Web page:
• Step 3: Precise cuts are made into drywall where the pipes run and are required to access and replace them.
  • Step 4: The new pipes are installed and connected to the appropriate locations: i.e., toilets, sinks, tubs, showers, and so on.
  • Step 5: The water is turned back on and water lines tested for leaks.
  • Step 6: If there are no leaks, or once any leaks have been corrected, the drywall is replaced.
  • Step 7: The drywall is sealed and painted.

Home Repipe Replumb

On average, it takes between three and seven days to do an entire home. The amount of time it will take to repipe/replumb your home depends on the size of the home, amount of water lines that need to be replumbed, the type of piping materials being used, and other such factors. In some cases, it may only take a day or two, especially if you have a much smaller home or the majority of pipes are easily accessible from your basement or crawlspace.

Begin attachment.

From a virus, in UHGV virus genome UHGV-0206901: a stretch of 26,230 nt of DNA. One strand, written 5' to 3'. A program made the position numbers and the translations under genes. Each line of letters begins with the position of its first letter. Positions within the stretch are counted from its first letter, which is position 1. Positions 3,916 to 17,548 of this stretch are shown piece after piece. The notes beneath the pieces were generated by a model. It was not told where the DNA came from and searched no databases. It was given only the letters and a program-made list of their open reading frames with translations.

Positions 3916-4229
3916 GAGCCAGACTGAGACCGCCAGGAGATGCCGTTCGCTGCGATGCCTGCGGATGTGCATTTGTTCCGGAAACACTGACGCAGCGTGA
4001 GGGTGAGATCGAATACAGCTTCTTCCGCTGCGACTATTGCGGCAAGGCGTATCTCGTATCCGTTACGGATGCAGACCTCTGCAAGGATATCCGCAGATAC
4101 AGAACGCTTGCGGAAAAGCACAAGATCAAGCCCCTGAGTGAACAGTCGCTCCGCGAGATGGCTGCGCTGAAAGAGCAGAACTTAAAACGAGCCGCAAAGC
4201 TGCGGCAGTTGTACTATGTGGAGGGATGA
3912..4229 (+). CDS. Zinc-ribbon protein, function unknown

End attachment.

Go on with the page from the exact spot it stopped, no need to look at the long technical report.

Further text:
What if I Cannot Afford an Entire Home Repipe/Replumb?

If your home needs to be repiped/replumbed but you have budgetary concerns, MET Plumbing can work with you to develop an effective solution to address your needs and budget. For example, we could start with replacing essential incoming water lines that we can access without having to remove drywall.

Since the pipes are easier to access and replace, it costs less to do the work and takes less time. Then, as your budget allows, we can address other areas of the home and gradually replace all of the pipes over a period of time, rather than all at once.

Cases Where Repiping/Replumbing May Not Be Required

There are a few different cases where your plumbing problems may suggest you need to get the entire home repiped/replumbed but are actually being caused by some other issue.

Rusty Water – If you have an older hot water heater, there could be sediment and rust in the bottom of the tank. This would make your water seem reddish or brownish in color anytime you ran hot water. If this is the only cause for rusty water, then a replumb would not be needed. Instead, you would just need to get a new water heater installed, which our plumbing company can also do for you.